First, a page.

Many business brokers and business transfer agents operating at the lower end of the market offer a no upfront fee policy, i.e. no payment till completion of the sale. Be assured, though, you’ll find that charging an upfront fee is the route favoured by the most reliable and trustworthy business broker firms. Bear in mind that the ‘no sale, no fee’ structure may look attractive, but to the business broker, it is in fact more risky. If you decide to pull out of the sale at any stage, as is your right, they will be left with nothing. This risk, and others like it, instantly reduces the amount of work the ‘no win, no fee’ broker is willing to commit to finding you the right buyer. You may find that you have to carry out far more work than is desirable, when, after all, you still have a business to run. Finding the right buyer can take time and if insufficient effort is being employed to find that ideal buyer, then the length of time the company is on the market can have a detrimental effect on both customer loyalty and staff morale, for instance. Better to pay an experienced, specialist business broker in the UK a sum upfront and work as trusted partners together to achieve the best end result.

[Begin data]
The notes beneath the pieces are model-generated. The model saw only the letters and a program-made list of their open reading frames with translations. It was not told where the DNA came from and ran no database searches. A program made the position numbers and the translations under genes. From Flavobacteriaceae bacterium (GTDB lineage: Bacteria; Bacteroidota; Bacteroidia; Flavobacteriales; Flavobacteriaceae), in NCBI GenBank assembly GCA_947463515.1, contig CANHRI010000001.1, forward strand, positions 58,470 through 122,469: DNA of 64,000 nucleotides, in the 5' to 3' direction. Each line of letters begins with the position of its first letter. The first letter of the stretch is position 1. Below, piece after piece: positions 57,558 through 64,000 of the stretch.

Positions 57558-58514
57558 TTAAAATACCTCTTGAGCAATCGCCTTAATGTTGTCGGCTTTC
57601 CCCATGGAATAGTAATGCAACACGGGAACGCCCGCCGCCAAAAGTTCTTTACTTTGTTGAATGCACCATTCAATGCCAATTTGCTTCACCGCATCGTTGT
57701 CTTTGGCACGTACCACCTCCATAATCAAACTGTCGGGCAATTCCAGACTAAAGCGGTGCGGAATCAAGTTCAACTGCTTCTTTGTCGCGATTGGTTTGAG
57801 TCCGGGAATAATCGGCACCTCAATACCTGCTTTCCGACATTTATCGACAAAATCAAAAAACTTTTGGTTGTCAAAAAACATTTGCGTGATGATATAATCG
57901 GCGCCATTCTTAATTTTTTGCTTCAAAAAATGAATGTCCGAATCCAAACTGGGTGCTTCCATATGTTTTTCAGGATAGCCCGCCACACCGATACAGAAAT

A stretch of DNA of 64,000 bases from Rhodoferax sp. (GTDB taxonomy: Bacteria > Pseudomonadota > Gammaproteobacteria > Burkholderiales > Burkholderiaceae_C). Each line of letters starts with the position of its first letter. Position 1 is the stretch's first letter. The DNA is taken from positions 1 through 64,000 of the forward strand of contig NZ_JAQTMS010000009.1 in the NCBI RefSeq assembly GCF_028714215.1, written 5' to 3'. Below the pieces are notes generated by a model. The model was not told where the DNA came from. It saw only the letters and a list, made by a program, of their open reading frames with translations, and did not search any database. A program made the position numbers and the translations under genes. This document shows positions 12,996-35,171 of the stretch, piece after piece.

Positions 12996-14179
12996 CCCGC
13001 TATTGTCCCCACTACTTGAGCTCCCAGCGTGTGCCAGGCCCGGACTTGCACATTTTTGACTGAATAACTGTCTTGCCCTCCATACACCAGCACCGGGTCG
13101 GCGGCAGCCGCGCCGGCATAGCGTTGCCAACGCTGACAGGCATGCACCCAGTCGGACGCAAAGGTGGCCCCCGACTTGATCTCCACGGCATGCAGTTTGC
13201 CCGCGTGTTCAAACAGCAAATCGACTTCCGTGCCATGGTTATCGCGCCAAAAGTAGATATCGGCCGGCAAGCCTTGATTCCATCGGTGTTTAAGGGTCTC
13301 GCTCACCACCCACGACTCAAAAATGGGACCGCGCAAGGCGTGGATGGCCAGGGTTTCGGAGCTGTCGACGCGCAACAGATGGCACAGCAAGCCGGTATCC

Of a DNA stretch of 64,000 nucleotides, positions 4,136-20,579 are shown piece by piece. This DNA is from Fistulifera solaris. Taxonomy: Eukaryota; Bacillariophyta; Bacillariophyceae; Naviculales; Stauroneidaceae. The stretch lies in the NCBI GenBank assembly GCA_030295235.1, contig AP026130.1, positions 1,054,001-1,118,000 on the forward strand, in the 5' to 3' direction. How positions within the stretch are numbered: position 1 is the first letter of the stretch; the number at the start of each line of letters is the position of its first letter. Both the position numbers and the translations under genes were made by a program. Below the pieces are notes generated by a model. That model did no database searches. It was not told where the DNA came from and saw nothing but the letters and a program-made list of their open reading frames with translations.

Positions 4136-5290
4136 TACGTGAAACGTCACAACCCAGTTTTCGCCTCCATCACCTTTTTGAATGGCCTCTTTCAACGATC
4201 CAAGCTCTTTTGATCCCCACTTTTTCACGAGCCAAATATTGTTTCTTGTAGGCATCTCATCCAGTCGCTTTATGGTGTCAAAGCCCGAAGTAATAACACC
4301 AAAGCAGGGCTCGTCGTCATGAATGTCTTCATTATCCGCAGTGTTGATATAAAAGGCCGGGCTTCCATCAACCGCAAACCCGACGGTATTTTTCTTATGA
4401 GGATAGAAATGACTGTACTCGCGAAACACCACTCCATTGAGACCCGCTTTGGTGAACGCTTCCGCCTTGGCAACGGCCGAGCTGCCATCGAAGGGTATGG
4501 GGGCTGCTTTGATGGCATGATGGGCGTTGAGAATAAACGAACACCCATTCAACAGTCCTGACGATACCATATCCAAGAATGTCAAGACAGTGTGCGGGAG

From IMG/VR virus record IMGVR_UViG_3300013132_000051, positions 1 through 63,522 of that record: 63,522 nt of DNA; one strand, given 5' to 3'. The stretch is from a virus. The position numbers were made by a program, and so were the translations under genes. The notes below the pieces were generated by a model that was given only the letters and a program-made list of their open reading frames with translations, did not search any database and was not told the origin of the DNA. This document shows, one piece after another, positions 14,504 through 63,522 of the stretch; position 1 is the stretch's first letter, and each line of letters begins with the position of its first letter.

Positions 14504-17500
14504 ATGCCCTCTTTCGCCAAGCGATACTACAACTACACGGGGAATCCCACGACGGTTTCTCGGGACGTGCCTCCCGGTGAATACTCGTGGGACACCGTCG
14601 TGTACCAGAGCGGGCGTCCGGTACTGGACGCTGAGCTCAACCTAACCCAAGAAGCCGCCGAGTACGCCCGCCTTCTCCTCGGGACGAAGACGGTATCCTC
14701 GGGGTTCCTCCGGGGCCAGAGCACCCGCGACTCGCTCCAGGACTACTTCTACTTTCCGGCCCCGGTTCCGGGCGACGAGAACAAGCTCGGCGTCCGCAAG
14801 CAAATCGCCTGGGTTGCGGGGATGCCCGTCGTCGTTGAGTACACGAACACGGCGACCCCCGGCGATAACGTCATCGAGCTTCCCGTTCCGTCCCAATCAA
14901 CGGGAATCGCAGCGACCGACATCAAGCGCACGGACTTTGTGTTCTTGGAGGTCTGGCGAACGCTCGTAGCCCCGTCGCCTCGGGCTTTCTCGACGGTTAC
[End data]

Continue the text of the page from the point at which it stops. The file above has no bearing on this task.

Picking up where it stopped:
A Company Valuation Does Not Necessarily Translate Into A Successful Sale